- In the season 2 finale of Carnivàle, Jonesy strikes Varlyn Stroud unconscious with a log of wood. He then runs into the house that Varlyn was about to enter and rescues Sophie, leaving Varlyn and Varlyns handgun unattended right outside the door. Seconds later, Josey gets shot... By Sophie.
- Dr. Quinn, Medicine Woman seems to have a straight example of Perspective Reversal at first glance. Sully is generally more progressive than most of the other men in town about almost every issue: ethnical minorities, women's rights, controversial books in the new town library, the theory of evolution, homosexuality... But when it comes to the railway and other building projects, Sully is the one fighting "progress" and the other men are supporting it. Sully has good reasons to dislike that kind of "progress" though, because he knows how this would affect the local Cheyennes, all the animals in the nearby forest and the nature scenes. Which would have been a radical viewpoint in the 1860s/1870s. The other men on the other hand will only want to make a quick profit, and will not care too much about if other values can be lost. So it means that Sully still is the progressive one and the other men the more conservative ones.
- This is a staple of much of the comedy on Mongrels; starting out with what seems to be a buildup to an obvious joke only to quickly turn it around (often lampshading it in the process), like so:
Nelson: How did you get these documents?Badger: Let's just say I have a... "mole" on the inside.(cut to an ordinary-looking person in an office, grabbing documents off a table and sticking them into an envelope)(cut back)Nelson: Huh. Y'know the way you said that I was expecting an actual mole.Badger: Nope, he's a person.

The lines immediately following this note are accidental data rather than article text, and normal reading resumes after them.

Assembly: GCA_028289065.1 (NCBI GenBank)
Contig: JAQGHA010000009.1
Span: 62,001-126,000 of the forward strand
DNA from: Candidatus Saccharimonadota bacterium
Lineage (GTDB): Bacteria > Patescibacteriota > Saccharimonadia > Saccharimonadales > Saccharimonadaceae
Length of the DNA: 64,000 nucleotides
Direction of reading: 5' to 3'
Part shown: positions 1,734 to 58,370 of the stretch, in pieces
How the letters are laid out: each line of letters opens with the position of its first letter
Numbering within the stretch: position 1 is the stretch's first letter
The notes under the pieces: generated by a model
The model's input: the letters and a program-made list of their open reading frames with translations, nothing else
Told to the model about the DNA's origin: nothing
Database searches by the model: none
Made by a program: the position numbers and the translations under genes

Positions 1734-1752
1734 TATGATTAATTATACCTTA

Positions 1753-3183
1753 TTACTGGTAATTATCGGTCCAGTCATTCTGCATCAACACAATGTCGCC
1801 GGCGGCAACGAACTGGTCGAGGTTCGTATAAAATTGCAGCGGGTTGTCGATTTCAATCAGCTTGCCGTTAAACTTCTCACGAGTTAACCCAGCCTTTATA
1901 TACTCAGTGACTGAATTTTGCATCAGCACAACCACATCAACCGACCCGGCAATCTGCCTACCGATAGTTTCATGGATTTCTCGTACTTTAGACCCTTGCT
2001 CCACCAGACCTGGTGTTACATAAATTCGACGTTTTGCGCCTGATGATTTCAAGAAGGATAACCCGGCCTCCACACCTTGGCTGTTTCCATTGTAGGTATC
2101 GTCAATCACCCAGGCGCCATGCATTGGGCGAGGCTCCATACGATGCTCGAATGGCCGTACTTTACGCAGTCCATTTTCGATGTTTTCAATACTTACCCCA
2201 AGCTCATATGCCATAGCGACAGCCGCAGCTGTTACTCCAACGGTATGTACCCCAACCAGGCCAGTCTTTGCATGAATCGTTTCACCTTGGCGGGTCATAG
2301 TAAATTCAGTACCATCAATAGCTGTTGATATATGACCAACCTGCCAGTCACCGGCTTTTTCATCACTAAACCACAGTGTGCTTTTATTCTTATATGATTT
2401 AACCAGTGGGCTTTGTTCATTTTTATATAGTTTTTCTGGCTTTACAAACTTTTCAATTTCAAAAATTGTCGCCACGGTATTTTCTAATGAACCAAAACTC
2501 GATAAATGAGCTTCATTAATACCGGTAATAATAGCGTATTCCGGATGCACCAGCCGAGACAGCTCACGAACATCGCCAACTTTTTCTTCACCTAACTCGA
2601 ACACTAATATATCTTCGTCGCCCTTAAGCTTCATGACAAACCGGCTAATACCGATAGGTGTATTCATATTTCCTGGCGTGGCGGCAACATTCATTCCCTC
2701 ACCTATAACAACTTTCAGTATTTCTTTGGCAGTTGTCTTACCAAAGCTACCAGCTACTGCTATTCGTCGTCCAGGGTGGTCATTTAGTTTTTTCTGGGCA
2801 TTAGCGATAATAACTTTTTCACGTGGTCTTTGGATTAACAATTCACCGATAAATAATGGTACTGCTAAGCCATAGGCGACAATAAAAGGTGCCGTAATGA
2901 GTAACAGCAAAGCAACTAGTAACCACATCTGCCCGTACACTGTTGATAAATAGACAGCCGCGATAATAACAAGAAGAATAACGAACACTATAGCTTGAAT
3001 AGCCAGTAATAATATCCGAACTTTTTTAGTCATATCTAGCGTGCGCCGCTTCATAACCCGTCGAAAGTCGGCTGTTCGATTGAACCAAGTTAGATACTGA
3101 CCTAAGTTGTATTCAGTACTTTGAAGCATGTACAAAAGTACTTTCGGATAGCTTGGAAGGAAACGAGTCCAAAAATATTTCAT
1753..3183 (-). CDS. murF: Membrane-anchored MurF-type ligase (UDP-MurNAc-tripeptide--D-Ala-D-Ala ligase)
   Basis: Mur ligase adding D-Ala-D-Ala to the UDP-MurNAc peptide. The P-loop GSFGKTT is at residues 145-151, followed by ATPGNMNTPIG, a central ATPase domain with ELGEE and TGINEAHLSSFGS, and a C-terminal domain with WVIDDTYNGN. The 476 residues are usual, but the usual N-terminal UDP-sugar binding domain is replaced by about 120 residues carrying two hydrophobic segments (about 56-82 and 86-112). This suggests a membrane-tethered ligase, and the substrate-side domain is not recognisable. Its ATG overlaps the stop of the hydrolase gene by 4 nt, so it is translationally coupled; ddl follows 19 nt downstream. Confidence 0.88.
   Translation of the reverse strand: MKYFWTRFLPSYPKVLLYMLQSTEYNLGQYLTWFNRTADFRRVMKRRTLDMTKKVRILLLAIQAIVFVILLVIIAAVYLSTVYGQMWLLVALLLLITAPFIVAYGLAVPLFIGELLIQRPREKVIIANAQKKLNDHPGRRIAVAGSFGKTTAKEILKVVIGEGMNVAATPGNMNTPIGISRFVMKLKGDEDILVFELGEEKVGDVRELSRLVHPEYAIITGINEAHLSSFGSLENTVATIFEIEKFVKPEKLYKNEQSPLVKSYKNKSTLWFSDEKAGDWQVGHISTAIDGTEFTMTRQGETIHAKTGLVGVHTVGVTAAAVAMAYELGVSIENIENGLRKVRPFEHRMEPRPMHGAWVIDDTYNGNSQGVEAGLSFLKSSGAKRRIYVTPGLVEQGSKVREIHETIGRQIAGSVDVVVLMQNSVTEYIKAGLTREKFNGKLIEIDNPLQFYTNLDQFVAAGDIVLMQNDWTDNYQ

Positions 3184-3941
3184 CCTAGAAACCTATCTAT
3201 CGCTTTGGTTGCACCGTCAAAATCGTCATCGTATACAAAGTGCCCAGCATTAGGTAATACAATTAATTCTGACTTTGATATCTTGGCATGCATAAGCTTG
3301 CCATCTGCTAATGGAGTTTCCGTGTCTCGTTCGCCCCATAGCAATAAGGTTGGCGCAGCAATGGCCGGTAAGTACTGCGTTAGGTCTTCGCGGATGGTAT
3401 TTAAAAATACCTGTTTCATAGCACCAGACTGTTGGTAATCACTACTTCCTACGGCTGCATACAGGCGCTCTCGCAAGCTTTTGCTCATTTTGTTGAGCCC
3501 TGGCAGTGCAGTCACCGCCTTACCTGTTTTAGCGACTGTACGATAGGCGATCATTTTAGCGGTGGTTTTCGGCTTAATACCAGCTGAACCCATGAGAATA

- Zyuden Sentai Kyoryuger had a Monster of the Week named Debo Hyogakki. He was credited with having wiped out the dinosaurs, but being the first opponent that the team faced, it seemed to be an Informed Ability. Then we got episode 17, where it was revealed that the monsters were getting stronger as Deboss was reviving, to the point where the Kyoryugers started having trouble with the Mooks until they got their Full-Potential Upgrade. Then episode 21 subverted it even further by revealing when he was revived that Hyogakki wasn't the only one who wiped out the dinosaurs. He, along with Debo Viruson and Debo Nagareboshi, were a Power Trio known as the Zetsumates, a pun on the Japanese word zetsumetsu, or extinction. Then in episode 25, Hyogakki, as the last of the Zetsumates, showed his true power by making it so that if the people in the city shed a single tear, they'd turn into a Human Popsicle. So while you might have chuckled at his reputation when you first met this guy, it ultimately is revealed that he wasn't nearly as weak as he initially seemed.